Akpan Etukudoh Asare
The Director General of Cross River State Primary Healthcare Agency, Dr. Edu has said that the state is targeting as many as 545,000 young as well as pregnant women to caution them against the dangers of neonatal tetanus and unhygienic birth delivery.
She disclosed this when the state Commissioner for Health, Dr. Inyang Asibong launched the second phase of the Maternal Neonatal Tetanus Elimination Campaign in the state.
The campaign was launched at Akamkpa in the southern senatorial district of the state.
Edu said Nigeria is one of the 27 countries that make up the 90% of death from neonatal tetanus globally, noting that the tetanus campaign was aimed at protecting women of childbearing age, pregnant women and their expected children from tetanus infection.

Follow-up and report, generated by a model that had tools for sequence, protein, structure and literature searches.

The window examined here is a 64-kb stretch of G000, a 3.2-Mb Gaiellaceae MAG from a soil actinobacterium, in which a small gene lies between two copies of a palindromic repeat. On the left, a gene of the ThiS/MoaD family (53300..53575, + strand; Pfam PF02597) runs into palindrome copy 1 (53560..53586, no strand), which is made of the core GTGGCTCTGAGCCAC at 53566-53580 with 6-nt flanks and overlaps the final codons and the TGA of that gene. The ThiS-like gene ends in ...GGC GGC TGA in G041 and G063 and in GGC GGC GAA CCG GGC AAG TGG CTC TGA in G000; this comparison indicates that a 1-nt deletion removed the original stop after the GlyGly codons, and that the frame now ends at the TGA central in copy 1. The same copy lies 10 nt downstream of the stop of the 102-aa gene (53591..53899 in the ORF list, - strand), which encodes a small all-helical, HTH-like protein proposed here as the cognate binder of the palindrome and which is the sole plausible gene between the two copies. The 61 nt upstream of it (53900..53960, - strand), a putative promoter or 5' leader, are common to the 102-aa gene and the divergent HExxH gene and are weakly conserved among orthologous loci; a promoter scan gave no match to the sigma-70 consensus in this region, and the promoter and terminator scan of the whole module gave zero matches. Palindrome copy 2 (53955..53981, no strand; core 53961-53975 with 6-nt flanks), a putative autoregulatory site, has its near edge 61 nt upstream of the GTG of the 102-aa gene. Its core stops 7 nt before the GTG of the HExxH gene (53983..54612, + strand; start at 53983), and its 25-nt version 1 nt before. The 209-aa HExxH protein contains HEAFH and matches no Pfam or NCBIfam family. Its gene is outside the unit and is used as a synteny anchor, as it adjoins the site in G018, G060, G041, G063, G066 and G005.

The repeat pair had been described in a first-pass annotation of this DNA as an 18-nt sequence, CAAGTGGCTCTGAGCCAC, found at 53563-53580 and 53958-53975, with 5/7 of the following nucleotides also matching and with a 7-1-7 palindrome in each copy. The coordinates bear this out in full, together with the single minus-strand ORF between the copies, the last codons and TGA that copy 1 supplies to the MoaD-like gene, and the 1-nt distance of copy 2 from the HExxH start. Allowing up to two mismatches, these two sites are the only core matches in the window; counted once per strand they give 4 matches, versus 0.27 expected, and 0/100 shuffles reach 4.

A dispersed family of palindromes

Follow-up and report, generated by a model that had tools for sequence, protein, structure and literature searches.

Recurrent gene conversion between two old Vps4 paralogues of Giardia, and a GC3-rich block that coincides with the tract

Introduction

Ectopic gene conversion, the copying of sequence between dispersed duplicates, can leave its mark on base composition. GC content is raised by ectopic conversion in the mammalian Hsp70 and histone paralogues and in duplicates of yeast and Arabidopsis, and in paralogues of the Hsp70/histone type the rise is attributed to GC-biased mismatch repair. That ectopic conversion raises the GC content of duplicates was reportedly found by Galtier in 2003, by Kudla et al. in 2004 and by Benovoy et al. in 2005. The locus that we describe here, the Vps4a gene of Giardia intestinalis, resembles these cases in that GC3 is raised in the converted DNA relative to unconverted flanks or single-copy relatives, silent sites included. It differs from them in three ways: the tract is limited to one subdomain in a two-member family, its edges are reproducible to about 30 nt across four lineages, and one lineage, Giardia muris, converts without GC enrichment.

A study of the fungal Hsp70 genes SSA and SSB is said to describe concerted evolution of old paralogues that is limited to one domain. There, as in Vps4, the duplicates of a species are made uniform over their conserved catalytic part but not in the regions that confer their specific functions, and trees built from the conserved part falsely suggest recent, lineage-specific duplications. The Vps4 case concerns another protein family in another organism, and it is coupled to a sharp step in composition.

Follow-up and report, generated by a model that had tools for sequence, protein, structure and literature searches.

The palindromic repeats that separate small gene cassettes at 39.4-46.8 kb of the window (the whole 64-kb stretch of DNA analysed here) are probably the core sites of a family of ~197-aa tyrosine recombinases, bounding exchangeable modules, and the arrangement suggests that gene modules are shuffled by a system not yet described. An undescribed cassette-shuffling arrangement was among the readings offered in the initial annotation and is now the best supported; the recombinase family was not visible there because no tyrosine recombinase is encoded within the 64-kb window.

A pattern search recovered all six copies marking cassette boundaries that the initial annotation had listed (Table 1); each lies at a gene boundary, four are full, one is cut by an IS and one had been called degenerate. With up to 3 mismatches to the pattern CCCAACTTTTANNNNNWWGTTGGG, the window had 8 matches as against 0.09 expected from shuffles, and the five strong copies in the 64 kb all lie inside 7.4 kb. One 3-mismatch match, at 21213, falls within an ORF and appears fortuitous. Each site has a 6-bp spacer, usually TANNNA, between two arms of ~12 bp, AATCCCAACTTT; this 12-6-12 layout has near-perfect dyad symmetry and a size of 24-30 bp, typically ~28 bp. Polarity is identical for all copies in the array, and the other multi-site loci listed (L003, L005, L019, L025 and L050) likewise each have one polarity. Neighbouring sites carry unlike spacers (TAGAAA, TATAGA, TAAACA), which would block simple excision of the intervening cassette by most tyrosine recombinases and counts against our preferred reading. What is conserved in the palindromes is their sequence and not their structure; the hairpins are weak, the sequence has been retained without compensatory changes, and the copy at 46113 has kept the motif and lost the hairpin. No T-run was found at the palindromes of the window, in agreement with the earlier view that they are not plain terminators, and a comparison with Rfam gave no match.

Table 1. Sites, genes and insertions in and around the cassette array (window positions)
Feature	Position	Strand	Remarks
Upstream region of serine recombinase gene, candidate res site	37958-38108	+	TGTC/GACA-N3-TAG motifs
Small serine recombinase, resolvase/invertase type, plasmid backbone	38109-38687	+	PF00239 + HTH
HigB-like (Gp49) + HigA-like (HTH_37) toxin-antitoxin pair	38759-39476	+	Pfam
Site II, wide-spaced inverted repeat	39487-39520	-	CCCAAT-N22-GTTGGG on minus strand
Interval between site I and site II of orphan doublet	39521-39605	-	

According to her tetanus cannot be eradicated but can only be eliminated and as such the state governor, Prof. Ben Ayade has taken it upon himself to work with National Primary Healthcare, UNICEF and WHO to ensure that the state protects over 545,000 women and millions of unborn babies from tetanus.
She insisted that tetanus continues to thrive because of poor ANC attendance, high rate of delivery with TBAs and other unskilled birth attendants who use old contaminated razor blades or unsterilised objects to cut the umbilical cord; warning that the state will not tolerate such insolence henceforth from unskilled birth attendance.
Earlier, Commissioner for Health, Dr. Inyang called for awareness on the dangers of neonatal tetanus, warning that mothers could be infected during unsafe and unhygienic delivery of their babies.
Inyang said Gov. Ayade is very concerned about elimination of neonatal tetanus and will continue give his support, calling on all stakeholders to ensure elimination of neonatal tetanus.
Earlier, Head of Local Government Administration Akamkpa, Mr. Bassey Efiom said the essence of the exercise is to make sure the mother and the child are in good health.
He specially thanked the state governor, Commissioner and DG for their continuous support to primary healthcare across the state.
Akpan Etukudoh Asare